Backing up my computer

If you have important information on your computer, you probably back it up somehow. I used to save all my important files on Google Drive, which was convenient not only because it would make backups automatically, but because I could access my files from any computer, or even my phone without much effort.

Since reducing my dependency on Google, that isn't an option anymore, so I had to find an alternative. I have an account in a server running Nextcloud, so I could use it the way I used Google Drive—and I could access it as easily from other computers or my phone—, but I am also trying to reduce the amount of private information I put online (whether it is behind a password or not), so I decided that I should have offline backups for my computer1.

The main problem with backups is the effort/time spent doing them, so the process had to be as automated as possible, as well as fast and efficient. I decided to use the rsync tool, as it efficiently copies files from one directory to another, skipping the ones that are already up to date (it is also preinstalled and easy to run from the terminal). I use a bunch of options that make the transfer behave as I want to, and I created an alias for the command, so I only need to type backup_all to back up my computer.

On top of my ordinary backup, I do a secondary backup (just in case!), which is made on my everyday USB drive. Having a backup of my home folder there is a little risky, as I have private information on my computer, so that is why I encrypt the backups. The software I use is VeraCrypt, and this obviously makes the backup process a little more complicated. However, I created another alias that mounts the VeraCrypt volumes (there are two because I need more than 4GiB and the USB drive uses the FAT format), synchronizes the files and unmounts the volumes. So the only remaining thing for me to do is type in the passwords—although actually, KeePassXC does that for me. I might even automate that part in the future, so I only have to type in my master password.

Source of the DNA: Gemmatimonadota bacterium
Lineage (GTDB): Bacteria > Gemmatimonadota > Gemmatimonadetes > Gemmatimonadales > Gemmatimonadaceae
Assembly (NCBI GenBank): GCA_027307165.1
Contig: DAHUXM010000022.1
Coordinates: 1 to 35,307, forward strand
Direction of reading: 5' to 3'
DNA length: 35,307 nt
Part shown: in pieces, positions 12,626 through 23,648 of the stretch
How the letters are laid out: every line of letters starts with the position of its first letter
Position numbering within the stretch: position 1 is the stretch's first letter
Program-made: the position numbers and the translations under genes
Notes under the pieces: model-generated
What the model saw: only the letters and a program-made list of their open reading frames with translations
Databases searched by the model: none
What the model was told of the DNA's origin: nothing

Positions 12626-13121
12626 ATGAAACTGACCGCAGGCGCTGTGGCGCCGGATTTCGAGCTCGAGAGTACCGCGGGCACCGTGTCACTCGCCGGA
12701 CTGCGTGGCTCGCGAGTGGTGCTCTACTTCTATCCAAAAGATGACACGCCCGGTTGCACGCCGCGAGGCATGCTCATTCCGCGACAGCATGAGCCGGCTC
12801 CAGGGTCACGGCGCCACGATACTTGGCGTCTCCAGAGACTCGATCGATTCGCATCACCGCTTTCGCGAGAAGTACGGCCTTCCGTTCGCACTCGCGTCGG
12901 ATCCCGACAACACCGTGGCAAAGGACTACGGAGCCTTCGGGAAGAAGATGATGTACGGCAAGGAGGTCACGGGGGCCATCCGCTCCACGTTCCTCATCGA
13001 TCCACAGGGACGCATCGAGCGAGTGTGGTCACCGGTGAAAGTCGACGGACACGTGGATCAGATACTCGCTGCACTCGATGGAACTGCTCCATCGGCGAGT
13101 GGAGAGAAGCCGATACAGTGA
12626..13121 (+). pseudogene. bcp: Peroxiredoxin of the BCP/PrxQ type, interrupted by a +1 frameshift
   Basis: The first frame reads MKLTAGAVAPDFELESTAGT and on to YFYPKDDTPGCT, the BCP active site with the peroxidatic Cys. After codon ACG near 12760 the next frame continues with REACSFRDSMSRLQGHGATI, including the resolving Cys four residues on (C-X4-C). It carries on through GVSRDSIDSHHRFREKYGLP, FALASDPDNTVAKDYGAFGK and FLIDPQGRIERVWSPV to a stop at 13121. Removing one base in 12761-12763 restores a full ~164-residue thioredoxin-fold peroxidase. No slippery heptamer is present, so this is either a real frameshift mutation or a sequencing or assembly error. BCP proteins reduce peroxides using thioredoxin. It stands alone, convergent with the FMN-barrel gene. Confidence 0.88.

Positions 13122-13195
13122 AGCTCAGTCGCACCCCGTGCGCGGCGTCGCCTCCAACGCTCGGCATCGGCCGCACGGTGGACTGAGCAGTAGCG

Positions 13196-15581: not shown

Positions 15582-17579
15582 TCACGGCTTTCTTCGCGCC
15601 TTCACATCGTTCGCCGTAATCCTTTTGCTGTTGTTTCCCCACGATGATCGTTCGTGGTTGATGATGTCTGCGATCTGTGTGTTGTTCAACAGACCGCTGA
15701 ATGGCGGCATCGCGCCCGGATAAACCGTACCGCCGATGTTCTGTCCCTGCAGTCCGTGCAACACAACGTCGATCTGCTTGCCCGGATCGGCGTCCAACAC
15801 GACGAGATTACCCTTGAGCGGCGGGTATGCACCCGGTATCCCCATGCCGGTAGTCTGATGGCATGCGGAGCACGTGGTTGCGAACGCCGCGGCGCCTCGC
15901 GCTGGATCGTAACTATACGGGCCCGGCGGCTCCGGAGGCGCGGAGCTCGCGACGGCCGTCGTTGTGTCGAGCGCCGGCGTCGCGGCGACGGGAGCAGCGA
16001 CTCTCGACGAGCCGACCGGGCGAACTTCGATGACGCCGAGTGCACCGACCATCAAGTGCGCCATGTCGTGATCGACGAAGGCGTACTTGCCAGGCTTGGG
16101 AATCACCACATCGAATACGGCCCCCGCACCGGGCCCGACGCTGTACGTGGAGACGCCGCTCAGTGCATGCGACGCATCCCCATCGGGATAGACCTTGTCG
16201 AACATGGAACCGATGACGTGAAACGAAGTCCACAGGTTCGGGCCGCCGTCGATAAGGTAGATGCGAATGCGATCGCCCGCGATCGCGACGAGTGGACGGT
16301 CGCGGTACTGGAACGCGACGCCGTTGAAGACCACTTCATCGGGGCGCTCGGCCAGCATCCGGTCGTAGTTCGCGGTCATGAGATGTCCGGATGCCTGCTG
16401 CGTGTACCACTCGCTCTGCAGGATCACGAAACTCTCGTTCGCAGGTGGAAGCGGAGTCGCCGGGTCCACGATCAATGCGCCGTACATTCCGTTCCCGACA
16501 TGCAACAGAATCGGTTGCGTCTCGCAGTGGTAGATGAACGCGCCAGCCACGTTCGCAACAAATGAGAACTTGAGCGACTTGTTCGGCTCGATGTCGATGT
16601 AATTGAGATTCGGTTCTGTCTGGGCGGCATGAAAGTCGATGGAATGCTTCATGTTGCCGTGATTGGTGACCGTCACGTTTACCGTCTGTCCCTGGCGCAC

So backing up my files is a pretty smooth process again, plus I now know exactly what I am doing when running the command and the backups are made to hardware that I have access to.

  1. Regardless of the existence of an online backup, making an offline one is an interesting option, as you have full control over it.